Il Farnese Theater in Parma it was the court theater of the dukes of Parma and Piacenza. Today it is inserted within the path of the National Gallery and has recently become home to some concert performances and operatic of the Teatro Regio di Parma.
It was built starting from 1618 da Ranuccio I, Duke of Parma and Piacenza, who intended to celebrate with a theatrical performance the stop in Parma of the Grand Duke of Tuscany, Cosimo II, directed to Milan to honor the tomb of St. Charles Borromeo, canonized in 1610.
The realization of the work was entrusted to the architect Giovan Battista Aleotti, called the Argenta (1546-1636): it was built on the first floor of Palazzo della Pilotta of Parma, in a large compartment designed as Antiquarium Salon but always used as a weapons room and as a venue for tournaments.
The theater was completed in the autumn of 1618 and dedicated to Bellona (goddess of war, in homage to the first destination of the environment) and to the Muse: due to an illness that had struck Cosimo II, forcing him to cancel the planned pilgrimage, the theater remained unused for almost ten years. It was finally inaugurated on 21 December 1628, on the occasion of the wedding of Odoardo, son of Ranuccio, with Margherita de 'Medici, daughter of Cosimo.
To celebrate the event, the show “Mercury and Mars” was set up, with lyrics by Claudio Achillini and music by Claudio Monteverdi: during the opera the cavea was also flooded and a naumachia staged. Due to the complexity and high cost of the set-ups, the theater was used only eight more times: the last in 1732, on the occasion of the arrival of Don Carlo di Borbone in the duchy.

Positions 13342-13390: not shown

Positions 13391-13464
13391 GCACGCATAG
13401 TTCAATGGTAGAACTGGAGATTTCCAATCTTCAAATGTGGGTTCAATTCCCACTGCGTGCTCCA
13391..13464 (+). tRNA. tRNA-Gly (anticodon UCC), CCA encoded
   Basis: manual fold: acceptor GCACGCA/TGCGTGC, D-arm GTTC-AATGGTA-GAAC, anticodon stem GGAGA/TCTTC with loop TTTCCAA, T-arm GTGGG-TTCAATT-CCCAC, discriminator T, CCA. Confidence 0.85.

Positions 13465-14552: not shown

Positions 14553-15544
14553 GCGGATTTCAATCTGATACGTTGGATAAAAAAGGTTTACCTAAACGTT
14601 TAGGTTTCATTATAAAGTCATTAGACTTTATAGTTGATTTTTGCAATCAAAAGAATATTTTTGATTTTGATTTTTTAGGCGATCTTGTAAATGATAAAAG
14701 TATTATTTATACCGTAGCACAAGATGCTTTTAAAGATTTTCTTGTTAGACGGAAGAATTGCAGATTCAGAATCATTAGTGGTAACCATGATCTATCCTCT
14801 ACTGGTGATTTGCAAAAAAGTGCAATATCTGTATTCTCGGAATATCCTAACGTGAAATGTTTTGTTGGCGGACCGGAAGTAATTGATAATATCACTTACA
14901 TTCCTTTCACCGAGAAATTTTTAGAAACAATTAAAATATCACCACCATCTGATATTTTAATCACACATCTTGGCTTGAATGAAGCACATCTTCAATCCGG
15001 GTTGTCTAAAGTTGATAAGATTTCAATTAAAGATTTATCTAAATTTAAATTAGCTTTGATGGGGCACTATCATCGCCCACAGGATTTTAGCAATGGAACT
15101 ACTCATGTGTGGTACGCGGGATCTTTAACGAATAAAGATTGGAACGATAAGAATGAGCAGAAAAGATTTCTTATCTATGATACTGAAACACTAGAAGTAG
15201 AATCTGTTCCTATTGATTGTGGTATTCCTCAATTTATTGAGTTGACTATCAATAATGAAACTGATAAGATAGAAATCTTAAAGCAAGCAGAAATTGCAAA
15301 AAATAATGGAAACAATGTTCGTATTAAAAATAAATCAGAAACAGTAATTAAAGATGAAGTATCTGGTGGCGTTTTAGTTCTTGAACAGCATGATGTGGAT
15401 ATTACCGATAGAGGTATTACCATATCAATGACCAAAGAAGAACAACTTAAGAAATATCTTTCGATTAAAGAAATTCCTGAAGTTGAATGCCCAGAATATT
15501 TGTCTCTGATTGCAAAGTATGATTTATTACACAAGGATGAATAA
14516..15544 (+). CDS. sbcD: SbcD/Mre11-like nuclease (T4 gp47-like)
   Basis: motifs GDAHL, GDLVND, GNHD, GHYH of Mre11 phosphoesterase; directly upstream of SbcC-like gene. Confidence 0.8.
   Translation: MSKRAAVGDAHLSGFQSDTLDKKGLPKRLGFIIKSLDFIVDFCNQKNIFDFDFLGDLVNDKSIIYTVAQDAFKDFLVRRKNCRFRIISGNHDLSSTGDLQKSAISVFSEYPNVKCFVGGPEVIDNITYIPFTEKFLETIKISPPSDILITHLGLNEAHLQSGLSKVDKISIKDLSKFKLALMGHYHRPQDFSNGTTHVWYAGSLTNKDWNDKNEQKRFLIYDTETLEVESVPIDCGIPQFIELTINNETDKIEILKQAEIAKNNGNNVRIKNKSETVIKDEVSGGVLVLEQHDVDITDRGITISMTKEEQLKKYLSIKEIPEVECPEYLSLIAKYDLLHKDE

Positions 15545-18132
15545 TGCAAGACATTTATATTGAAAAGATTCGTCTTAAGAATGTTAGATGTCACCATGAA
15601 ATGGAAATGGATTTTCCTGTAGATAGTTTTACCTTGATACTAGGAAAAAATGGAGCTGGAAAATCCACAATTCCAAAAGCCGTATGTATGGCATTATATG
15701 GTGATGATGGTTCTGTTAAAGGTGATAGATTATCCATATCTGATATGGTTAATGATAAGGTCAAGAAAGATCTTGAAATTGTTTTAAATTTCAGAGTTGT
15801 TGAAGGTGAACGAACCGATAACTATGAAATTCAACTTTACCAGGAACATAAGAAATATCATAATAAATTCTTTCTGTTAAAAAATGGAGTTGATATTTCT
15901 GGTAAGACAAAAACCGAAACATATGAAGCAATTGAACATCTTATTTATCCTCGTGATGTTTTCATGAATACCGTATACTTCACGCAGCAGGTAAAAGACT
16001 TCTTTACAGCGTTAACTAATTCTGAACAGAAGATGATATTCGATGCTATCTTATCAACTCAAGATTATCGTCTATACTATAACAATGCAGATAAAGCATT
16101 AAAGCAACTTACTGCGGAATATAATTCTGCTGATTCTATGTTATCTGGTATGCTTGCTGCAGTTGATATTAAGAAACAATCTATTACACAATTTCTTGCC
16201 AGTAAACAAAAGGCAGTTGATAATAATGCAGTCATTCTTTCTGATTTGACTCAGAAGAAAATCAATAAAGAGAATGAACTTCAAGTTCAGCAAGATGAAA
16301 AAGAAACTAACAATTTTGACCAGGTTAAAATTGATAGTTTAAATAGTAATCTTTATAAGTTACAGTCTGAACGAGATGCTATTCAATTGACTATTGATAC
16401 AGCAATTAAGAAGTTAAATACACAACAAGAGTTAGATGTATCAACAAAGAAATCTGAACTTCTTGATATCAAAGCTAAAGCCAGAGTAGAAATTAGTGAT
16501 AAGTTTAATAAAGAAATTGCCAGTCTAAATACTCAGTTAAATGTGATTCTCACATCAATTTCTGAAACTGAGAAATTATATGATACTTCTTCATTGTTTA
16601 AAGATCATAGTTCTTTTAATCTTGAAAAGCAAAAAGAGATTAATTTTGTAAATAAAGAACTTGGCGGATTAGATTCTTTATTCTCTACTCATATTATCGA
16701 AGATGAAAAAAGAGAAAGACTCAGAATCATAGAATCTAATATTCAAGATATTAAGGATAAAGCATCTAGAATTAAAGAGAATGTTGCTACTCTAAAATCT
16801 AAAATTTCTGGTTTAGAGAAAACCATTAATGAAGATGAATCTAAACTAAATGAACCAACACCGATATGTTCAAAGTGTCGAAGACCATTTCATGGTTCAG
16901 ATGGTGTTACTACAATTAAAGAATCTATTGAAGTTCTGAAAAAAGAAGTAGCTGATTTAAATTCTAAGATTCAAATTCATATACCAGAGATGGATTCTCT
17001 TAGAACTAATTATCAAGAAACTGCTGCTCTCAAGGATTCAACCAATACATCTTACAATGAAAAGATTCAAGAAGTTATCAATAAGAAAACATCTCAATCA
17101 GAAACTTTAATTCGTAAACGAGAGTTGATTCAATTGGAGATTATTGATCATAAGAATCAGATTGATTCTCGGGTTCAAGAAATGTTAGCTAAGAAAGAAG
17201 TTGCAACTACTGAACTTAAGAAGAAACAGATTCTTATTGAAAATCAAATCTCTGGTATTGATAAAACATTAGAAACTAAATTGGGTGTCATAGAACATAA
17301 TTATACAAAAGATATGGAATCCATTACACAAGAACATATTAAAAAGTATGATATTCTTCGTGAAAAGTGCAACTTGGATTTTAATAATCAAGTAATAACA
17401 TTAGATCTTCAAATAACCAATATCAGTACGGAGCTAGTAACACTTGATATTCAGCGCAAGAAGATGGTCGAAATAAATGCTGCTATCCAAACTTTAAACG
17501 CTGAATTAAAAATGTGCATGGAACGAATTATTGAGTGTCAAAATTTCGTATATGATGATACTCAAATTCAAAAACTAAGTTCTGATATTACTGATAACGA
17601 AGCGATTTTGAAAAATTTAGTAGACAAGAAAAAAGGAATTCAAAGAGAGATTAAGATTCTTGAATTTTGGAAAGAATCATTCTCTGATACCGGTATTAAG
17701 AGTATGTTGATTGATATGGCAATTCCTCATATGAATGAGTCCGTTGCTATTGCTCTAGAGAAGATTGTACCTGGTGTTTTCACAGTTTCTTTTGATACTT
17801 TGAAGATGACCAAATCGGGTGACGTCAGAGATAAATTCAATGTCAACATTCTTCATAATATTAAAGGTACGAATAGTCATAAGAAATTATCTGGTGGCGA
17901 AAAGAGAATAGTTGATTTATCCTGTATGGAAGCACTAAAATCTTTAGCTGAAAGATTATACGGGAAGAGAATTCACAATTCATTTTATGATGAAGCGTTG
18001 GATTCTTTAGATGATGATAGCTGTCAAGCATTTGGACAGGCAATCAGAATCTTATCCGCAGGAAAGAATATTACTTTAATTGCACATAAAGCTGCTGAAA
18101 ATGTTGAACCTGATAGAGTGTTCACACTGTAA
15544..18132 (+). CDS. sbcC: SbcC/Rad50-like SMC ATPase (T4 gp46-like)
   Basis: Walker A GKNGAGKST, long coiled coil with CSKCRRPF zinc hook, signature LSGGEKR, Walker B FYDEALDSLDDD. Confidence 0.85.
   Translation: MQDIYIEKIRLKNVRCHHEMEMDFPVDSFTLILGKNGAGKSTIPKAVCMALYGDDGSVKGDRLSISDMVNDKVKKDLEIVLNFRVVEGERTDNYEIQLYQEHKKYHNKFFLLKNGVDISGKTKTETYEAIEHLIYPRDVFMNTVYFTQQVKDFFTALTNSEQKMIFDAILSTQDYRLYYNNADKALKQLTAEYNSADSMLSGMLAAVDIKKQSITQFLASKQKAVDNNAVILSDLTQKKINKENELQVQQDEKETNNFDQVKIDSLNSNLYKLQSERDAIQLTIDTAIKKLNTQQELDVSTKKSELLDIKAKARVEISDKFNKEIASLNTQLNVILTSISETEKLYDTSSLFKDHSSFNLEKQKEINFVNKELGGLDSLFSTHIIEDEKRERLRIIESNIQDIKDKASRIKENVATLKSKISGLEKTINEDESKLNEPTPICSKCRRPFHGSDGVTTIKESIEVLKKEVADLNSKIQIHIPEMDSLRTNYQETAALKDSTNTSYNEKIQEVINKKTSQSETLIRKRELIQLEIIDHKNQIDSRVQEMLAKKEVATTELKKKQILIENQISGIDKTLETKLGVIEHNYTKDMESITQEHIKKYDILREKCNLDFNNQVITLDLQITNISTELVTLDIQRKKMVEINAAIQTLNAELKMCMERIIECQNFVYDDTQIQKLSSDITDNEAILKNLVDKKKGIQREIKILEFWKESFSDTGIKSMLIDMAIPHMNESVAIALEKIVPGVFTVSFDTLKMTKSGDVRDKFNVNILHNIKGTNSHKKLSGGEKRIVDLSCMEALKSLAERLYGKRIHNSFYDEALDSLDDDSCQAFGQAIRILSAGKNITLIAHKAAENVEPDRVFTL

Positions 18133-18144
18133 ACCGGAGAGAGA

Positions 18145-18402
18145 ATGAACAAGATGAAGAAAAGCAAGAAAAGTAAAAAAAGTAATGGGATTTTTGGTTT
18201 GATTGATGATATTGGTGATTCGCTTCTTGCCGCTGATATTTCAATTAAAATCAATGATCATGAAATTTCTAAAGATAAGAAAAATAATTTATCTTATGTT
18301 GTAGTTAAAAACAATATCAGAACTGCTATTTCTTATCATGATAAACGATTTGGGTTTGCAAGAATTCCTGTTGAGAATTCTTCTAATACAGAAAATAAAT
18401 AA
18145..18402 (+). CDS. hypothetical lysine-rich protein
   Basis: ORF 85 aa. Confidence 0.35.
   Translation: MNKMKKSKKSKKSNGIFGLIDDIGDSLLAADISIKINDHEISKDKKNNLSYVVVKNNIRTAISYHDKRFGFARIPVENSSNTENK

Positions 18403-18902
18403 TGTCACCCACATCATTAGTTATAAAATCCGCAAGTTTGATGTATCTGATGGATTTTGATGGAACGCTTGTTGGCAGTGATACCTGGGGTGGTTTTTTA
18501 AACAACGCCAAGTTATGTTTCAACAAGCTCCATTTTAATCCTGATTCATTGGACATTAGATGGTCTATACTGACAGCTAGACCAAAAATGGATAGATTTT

The Argenta was inspired by the Vicenza Olympic Theater, built by Palladio in 1580, and al Teatro all'Antica di Sabbioneta, built between 1588 and 1590 by the architect Vincenzo Scamozzi.
Housed in a large hall (87 meters long for 32 in width and 22 in height), the U-shaped cavea consists of fourteen steps on which they could be housed around 3000 spectators: at the top of the cavea there are two orders of serlianas, the lower Tuscan one and the upper Ionic one; the stage is 40 meters long, with an opening of 12 meters.
La structure was made in wood (Friuli red fir tree) and entirely covered with painted stucco to simulate the marble (characteristic materials of ephemeral architecture, which was to be the Farnese Theater).
The sculptural decoration (mythological statues in plaster, with a straw core) was entrusted to a team of artists led by Luca Reti; the painters, led by Giovan Battista Trotti said Malosso, Lionello Spada, Sisto Badalocchio, Antonio Bertoja e Pier Antonio Bernabei, had to provide, in addition to the decoration of the walls, even to that now lost ceiling.
It is considered by some to be one of the first theaters to be equipped with a permanent proscenium arch, however when the theater was built the performances were not held there.
Address: Piazza della Pilotta 15 - 43100 Parma